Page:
by clicking the arrows at the side of the page, or by using the toolbar.
by clicking anywhere on the page.
by dragging the page around when zoomed in.
by clicking anywhere on the page when zoomed in.
web sites or send emails by clicking on hyperlinks.
Email this page to a friend
Search this issue
Index - jump to page or section
Archive - view past issues
The Rock-itt : July 2012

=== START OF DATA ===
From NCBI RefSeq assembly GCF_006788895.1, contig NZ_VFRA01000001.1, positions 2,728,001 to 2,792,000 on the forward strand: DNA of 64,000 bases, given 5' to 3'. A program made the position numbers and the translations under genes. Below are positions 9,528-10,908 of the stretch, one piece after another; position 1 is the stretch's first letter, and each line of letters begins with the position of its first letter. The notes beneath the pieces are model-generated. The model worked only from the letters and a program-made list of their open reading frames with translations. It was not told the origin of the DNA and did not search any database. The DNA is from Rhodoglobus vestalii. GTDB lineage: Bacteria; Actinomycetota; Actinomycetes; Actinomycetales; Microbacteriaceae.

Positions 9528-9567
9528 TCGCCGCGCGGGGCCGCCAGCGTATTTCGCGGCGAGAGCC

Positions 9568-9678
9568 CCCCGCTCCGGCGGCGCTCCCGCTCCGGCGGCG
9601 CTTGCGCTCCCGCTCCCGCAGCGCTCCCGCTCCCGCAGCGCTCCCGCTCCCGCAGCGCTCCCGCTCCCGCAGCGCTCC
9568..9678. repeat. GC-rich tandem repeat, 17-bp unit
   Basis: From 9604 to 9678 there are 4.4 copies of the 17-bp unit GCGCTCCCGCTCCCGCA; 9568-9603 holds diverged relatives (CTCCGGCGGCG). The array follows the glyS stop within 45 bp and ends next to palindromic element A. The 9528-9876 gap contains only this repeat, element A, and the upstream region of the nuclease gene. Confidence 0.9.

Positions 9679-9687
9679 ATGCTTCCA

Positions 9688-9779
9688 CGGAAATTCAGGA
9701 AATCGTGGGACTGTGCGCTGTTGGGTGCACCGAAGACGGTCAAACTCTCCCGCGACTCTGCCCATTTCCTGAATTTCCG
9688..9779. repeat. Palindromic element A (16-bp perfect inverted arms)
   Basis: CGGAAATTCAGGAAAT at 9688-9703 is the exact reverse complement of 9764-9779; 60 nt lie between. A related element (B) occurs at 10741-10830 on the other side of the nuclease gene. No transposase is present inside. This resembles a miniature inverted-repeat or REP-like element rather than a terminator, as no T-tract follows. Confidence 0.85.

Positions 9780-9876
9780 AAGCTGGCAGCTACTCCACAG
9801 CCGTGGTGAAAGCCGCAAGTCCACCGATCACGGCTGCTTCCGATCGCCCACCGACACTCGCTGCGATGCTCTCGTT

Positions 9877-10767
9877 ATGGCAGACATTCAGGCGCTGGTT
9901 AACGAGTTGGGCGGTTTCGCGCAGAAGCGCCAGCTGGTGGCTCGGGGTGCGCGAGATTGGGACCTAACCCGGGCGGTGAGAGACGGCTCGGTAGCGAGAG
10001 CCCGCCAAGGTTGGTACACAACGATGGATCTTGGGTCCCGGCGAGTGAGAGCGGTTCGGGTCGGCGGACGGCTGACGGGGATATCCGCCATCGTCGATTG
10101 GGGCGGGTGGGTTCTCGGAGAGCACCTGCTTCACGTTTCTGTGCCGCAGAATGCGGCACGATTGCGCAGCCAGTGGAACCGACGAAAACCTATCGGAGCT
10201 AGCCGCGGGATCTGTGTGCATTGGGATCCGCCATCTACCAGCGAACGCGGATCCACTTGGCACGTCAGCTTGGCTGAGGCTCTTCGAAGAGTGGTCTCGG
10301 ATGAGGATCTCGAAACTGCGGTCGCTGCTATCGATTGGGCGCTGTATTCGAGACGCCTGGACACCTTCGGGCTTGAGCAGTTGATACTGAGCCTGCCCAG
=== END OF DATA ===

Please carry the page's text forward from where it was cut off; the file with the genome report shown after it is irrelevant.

There are plenty of wonderful stretches of water in Sydney for kayaking, but none more popular than Narrabeen Lakes. On Sunday May 27 it was even more crowded than usual – 153 kayaks turned out for the annual local marathon conducted by Paddle NSW. This is one of a series of 9 marathons held throughout the year, mostly in the Sydney area but also as far away as Canberra and Wyong. About two-thirds of the competitors race over a 20km course (four 5km laps) in six divisions. The remainder race over 15km and 10km courses. The major clubs sponsor and organise the marathons under the Paddlde NSW umbrella. At Narrabeen this means Manly Warringah Kayak Club, with its spacious clubhouse overlooking the lake, was in charge. While most of the competitors paddle single kayaks, there are lots and lots of doubles, some of them with two males, some with two females, and some with one of each. And there are all sorts of craft, from the lightweight, superfast K1s (which you’ll see our Olympic paddlers in soon at the London Games) and skis through to the latest generation of multisport racers and seakayaks, and maybe even a plastic or two. Even the single outriggers join in the fun. And this year three K4s – the battleships of the fleet – turned up. These big kayaks make a splendid sight as they surge across the water with four blades flashing in unison. Lane Cove River Kayakers fielded a pickup team of Tom Simmat, Nigel Colless, Matt Swann and Tim Hookins in their K4. They had a good contest for the first part of the race against a mixed Manly Warringah crew of Meagan Rolls, Pat Ryce, Angus Stuart and Jack Bryant but then pulled away as the MW team tired. A third MW subjunior team of Andy Ross, Nathan Rolls, Max Morgan and Jack Rose struggled in difficult conditions and failed to finish the 20km course. The fastest paddlers of the day were in division 1 and this had the unusual result of the first two across the line not being placed in provisional results. This was because of a new Paddle NSW rule that paddlers making their first appearance in the series are “ranked” according to their times and not given official placings. This system puts paddlers in the division appropriate to their race times and is aimed at preventing unknown paddlers racing in a slower division than they should first up and unfairly gaining individual and club points. MW’s John Diggin had clear water behind him in division 1 as he finished in 1h 36m 30s and Damien Daley was next in a sprint finish in 1h 38m 16s. Both were “ranked”. John was paddling an Epic V10 ski he holed a few days earlier when, in the darkness of a pre-dawn paddle, he crashed into an obstacle where repair work is being carried out under the bridge on Pittwater Road. He managed to get the ski repaired in time for the race. Damien started the race in a K1 but because of the rough conditions swapped boats in mid race and finished on a ski. Provisional first place went to Illawarra Canoe Club’s Darren Lee, a veteran of the series, in 1h 38m 19s, ahead of MW’s Brett Greenwood (1h 38m 30s) and Irishman Tadhg de Barra (1h 40m 42s). Normally the race course takes competitors under the bridge to a turning point near the caravan park but this year, because of the bridge works, the course was limited to west of the bridge. It started at the small island in front of the ProKayaks shop and went towards the bridge to a turning point, which brought competitors back on the opposite side of the lake, through the “slot” behind the big island and around to “Wimbledon”. From here paddlers went west to a point known as “split rock”, then returned via the southeastern corner of the lake. A fresh south-westerly wind brought in a testing chop which hit competitors diagonally and made paddling difficult, particularly for the narrow unstable K1s. There were lots of capsizes and an unusually high number of withdrawals. While all this was going on there was the usual large number of recreational kayaks out enjoying Sunday morning on the lake. Everyone was on the same stretch of water and there was a bit of weaving in and out, but no-one complained The lake is there for the enjoyment of all. 153 KAYAKS IN NARRABEEN MARATHON The Manly Warringah mixed K4 crew in action Lane Cove’s K4 is carried from the water Fastest paddler John Diggin crosses the finish line among the recreational kayaks